Tuesday, February 26, 2013

Draining excess reserves and the exit strategy

Questions continue to surround the Fed’s eventual exit from years of quantitative easing. The ultimate fate of what is to become of the 3.5 - 4 trillion dollar portfolio of securities (the expected peak holdings of Fed’s balance sheet) will determine, among other things, long-term interest rates, mortgage rates, corporate and US government borrowing costs, profitability of the banking system, returns on pension and insurance portfolios, and even the value of the dollar. In short, the exit strategy will drive the fixed income markets for years to come.

Some argue that the Fed has no need to sell securities and can simply sit on the portfolio as it winds down naturally through maturities and prepayments. The Fed can keep the economy from overheating by simply raising rates on excess reserves. And the fact that bank reserves (deposits at the Fed) will be in the trillions for years to come shouldn't matter they argue. That's because these reserves do not result in excessive lending and therefore are not inflationary. The lack of transmission from excess reserves to lending is visible in the so-called money multiplier (discussed here), which is at historical lows.

In normal times this argument may hold, but these are by no means normal times. By purchasing unprecedented amounts of securities, the Fed “created” trillions of excess reserves. And the central bank may not want to wait until 2020 (see post) for the reserves to decline to more normal levels on their own. Here are some reasons:

1. Some economists feel that even though reserves do not immediately transmit into lending, bank loans and leases have been rising steadily since early 2011 (QE2), and over the years could, if left unchecked, raise the money supply to inflationary levels.

Loans and leases on US banks' balance sheets (source: NY Fed)

2. Bloated excess reserves may ultimately impact the value of the dollar.

3. There are concerns that over a longer period, excess reserves could distort certain markets, creating financial bubbles - as banks seek to deploy cheap capital (in real estate for example).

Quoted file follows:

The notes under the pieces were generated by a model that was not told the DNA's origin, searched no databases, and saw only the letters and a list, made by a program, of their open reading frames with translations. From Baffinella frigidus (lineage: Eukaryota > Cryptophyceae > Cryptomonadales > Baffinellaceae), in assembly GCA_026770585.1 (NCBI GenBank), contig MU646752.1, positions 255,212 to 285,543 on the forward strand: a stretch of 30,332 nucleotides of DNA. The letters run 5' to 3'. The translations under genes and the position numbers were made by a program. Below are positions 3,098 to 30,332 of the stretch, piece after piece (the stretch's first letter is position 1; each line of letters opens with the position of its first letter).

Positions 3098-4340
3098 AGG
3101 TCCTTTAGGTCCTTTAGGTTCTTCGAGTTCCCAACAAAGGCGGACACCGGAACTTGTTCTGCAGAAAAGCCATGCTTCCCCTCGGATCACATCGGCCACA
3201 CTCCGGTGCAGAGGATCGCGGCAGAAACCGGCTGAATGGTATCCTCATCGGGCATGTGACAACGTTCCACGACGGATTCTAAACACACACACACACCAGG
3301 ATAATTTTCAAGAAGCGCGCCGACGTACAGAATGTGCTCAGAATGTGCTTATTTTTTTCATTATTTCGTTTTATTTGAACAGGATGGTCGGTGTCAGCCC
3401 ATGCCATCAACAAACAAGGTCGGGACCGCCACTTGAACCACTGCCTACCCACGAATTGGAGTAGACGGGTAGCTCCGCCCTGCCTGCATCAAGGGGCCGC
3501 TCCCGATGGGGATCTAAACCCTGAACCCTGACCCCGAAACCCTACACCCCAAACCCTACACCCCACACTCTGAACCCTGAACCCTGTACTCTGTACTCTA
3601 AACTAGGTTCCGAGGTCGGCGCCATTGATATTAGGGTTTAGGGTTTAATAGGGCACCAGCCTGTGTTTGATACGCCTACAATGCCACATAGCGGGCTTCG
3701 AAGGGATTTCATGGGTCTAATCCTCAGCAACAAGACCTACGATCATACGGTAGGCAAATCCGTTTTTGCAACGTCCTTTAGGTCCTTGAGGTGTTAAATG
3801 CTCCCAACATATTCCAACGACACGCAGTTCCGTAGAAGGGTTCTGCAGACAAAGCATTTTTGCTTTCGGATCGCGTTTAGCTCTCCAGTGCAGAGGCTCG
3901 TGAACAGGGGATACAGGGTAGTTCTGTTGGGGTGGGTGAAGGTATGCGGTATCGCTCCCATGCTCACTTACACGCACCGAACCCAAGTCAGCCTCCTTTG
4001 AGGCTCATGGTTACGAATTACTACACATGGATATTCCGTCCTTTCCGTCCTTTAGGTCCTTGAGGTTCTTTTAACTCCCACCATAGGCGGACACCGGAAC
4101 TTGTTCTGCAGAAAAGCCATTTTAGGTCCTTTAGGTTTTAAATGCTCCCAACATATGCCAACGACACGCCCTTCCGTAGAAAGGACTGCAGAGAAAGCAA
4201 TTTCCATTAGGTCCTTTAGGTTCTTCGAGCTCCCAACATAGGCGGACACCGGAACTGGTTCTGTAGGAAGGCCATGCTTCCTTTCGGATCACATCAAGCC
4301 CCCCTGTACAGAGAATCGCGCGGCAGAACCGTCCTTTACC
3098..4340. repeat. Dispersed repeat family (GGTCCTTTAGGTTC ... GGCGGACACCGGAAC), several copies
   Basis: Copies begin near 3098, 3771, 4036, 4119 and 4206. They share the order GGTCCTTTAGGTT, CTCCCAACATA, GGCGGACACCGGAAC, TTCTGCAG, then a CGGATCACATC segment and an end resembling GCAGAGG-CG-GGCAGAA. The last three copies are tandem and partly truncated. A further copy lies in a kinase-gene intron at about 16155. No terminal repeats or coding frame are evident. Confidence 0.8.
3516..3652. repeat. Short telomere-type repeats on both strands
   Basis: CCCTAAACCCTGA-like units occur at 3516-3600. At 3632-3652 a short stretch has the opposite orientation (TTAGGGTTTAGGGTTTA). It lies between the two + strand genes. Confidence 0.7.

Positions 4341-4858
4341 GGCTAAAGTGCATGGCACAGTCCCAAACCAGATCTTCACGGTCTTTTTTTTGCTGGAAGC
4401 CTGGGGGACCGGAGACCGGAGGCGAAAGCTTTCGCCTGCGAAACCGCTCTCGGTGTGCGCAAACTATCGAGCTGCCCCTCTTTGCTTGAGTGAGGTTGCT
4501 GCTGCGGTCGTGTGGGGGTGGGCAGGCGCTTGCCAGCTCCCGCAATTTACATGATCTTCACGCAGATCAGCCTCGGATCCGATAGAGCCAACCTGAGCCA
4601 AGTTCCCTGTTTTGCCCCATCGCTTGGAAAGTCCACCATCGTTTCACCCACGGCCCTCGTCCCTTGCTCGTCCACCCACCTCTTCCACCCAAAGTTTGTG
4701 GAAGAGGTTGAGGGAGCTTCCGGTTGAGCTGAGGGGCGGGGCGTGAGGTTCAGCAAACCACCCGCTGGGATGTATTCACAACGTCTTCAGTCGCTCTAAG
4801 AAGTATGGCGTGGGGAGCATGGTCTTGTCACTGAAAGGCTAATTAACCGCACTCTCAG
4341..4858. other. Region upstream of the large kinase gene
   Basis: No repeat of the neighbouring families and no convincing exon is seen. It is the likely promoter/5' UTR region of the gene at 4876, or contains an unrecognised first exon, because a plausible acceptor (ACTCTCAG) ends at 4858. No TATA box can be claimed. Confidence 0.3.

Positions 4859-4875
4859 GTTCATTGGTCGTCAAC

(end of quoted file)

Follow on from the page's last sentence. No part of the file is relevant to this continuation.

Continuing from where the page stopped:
4. With the reserves at their expected peak the Fed would be paying out about $6bn per year in interest to banks on riskless deposits. And those of us who have checking and savings accounts know that the rate we get on deposits is close to zero. Corporate accounts are not much better. That means that the banking system will get to keep most of that money. Now if the Fed raises the rate it pays on reserves (as suggested above), the banks will generate multiples of that amount in riskless profits. Once again, in a normal environment that would not be a big deal, but these days the Fed doling out free money to banks is not going to be very popular with the public.

These are some of the reasons the Fed may choose to drain at least some of the reserves. Selling assets may be one way to do it, but that may shake up the markets and significantly raise long-term interest rates. It will also generate realized losses for the Fed – another potentially unpopular outcome. But there is another solution. Back in 2009 the Fed set up tri-party repo arrangements with a number of dealers (see 2009 post). Eventually that will allow the central bank to lend out the securities instead of selling them. As dealers borrow the securities over a period of a week for example, they post cash as collateral to the Fed (dealers pay the coupon on the securities they borrow and receive the market repo rate on their cash “collateral”). That cash going into the repo account is taken out of “circulation”, thus draining the reserves.

If the Fed rolls these repo positions over time, the reserves will stay “drained” but the securities will still be owned by the Fed - until they pay down or mature. In effect the Fed would sterilize some or all of its securities purchases. Which means that draining the reserves does not have to entail the painful process of active portfolio unwind. And draining excess reserves is in fact a more likely exit strategy than some economists have been expecting.



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